In this instructable I am going to show you, how to paint a black and white image of Darth Vader and bring it to life by adding a binary clock and making it talk.
If you are not a big Star Wars fan, don’t worry you can use the electronics and code to make any painting say the time. Even with your own voice.
This was my first ever Arduino project, so I’m certain, that anybody can do it. I started with a normal binary clock, but thought it was pretty boring, so I added a DS1307 and made a standalone version. Then after finishing the painting and getting everything to work I decided, that it would be infinitely better, if I could make the clock speak in Vader’s voice. So this is what I ended up with:
- Arduino Mega 2560
- Wave Shield for Arduino (e.g. from adafruit industries)
- DS1307 Real Time Clock breakout board (e.g. from adafruit industries)
- 16 red LEDs (only 13 are needed for the clock, the other three are just there for the symmetry)
- 16 LED holders
- 13 220 ohm resistors
- 3 2.2 kohm resistors
- 8x4 holes grid-style PC board
- 3 push buttons
- Duck tape
- Paint: black and white
- 60x30x3 cm canvas
- Heat shrinking tube
- Hot glue gun
- Round diamond file
- Small, sharp scissors
- Optional: circle template, razor blade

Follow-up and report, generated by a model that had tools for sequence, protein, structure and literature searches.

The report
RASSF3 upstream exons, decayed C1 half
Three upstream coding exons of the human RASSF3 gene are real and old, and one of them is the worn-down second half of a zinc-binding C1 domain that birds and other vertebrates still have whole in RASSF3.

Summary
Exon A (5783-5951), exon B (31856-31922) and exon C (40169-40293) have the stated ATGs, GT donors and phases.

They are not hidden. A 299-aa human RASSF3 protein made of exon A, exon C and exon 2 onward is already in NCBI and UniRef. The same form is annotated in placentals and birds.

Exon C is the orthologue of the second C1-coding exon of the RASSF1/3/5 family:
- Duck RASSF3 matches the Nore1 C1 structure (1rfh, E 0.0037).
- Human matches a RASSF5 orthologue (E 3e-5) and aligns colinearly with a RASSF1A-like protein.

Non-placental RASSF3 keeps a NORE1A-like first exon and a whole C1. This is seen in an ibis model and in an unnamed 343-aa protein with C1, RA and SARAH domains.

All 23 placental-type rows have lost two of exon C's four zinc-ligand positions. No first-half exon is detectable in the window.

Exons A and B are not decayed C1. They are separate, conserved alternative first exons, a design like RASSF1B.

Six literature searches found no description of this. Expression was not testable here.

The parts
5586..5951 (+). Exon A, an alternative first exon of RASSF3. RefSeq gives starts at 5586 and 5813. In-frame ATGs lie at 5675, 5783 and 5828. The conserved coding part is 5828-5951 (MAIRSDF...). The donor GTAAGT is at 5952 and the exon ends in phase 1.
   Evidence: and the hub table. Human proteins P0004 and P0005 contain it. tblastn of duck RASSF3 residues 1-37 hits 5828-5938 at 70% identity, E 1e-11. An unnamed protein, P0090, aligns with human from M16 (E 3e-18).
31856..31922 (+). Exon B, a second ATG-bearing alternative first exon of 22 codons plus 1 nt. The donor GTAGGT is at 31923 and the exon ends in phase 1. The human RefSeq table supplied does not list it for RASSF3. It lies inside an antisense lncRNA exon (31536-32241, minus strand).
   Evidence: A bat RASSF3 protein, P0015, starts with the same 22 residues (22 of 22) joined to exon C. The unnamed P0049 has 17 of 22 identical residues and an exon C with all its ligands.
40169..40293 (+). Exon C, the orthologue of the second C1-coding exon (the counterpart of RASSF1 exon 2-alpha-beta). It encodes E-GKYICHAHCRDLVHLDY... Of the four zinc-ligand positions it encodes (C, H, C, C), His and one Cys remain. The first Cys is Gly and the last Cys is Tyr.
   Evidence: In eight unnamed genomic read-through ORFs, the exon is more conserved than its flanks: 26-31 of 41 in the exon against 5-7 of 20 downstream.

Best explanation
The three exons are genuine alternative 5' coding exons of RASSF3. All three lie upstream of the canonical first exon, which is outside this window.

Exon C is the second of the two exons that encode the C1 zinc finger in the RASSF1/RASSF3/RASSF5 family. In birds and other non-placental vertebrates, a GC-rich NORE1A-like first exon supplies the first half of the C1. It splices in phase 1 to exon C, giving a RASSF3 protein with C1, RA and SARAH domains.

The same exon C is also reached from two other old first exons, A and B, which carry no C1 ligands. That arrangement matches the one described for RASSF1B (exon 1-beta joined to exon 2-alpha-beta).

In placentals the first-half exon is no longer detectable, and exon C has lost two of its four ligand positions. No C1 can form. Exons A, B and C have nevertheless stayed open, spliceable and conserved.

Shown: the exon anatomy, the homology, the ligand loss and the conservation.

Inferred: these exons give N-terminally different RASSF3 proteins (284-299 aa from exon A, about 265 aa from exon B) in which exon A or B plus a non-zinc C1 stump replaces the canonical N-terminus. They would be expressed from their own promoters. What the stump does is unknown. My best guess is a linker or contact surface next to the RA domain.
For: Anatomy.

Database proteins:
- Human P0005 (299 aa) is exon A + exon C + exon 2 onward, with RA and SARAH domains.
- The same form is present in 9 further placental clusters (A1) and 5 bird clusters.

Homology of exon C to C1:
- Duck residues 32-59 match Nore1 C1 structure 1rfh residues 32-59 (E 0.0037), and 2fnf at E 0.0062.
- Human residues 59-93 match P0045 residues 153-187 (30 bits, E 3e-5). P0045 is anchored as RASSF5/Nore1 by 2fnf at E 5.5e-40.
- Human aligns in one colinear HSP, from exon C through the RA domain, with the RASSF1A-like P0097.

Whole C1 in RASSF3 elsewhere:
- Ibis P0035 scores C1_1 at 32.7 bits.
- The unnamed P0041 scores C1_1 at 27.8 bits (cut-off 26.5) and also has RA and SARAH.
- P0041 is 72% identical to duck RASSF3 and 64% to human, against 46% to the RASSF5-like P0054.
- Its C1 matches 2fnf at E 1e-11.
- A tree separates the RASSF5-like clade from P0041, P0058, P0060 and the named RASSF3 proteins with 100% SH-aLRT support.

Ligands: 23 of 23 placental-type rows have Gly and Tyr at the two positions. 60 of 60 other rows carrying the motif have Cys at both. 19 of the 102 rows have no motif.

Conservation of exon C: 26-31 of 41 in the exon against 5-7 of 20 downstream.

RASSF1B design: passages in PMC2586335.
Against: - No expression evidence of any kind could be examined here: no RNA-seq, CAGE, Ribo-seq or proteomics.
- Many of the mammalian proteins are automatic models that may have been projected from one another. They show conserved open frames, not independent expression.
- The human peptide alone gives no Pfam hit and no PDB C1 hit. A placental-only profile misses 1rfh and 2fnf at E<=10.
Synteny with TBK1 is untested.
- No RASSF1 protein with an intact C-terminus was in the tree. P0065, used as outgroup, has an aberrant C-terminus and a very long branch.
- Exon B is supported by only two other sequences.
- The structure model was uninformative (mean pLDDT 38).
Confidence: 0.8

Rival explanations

Step 2: Paint
If you are not a good painter, check out this awesome tutorial on how to transfer a photo to a canvas. But believe me, you don’t need to be a skilled painter to get this right.
You will need inkscape to open the attached file (download the Vader image here). Start by printing out the vector graphic (if you would like to vectorice your own image check out this tutorial). You can of course use a poster printing program, but I prefer to use inkscape. Scale the image to the right size and print it to individual pages by moving it around. Use tape to stick them back together. Once you are done, use a pencil to colour the back of the image, turn it around, lay it on the canvas and trace the line with a ball pen.
I like to use a small flat paint brush. As a hint, should you mess up don’t try to cover the black paint with white paint, use a razor blade and carefully scrape the paint away.
I was afraid that the canvas might fray, if I would have just cut the holes out. So I decided, to stick duck tape to the back of it, which turned out to be a good idea, even though it made cutting the holes a whole lot more difficult.
As you can see in the pictures I used a circle template to mark the holes, but you don’t really need one. Drilling the holes, didn’t work out to well, that’s why I used small sharp scissors.
Once you are done, add the buttons, LEDs and LED holders.
We will start by getting the wave shield to run.
I used the Wave Shield by Ladyada. Follow these instructions, to set it up. It works perfectly with an Arduino Uno, but should you be using the Mega, you will have to do the following changes (this post helped me a lot):
Start by clipping the pins connected to digital pins 11, 12 and 13 on the shield, as shown in the picture and solder three wires to the holes. Instead of connecting CSS to pin 10 connect it to the digital pin 53 on the Mega.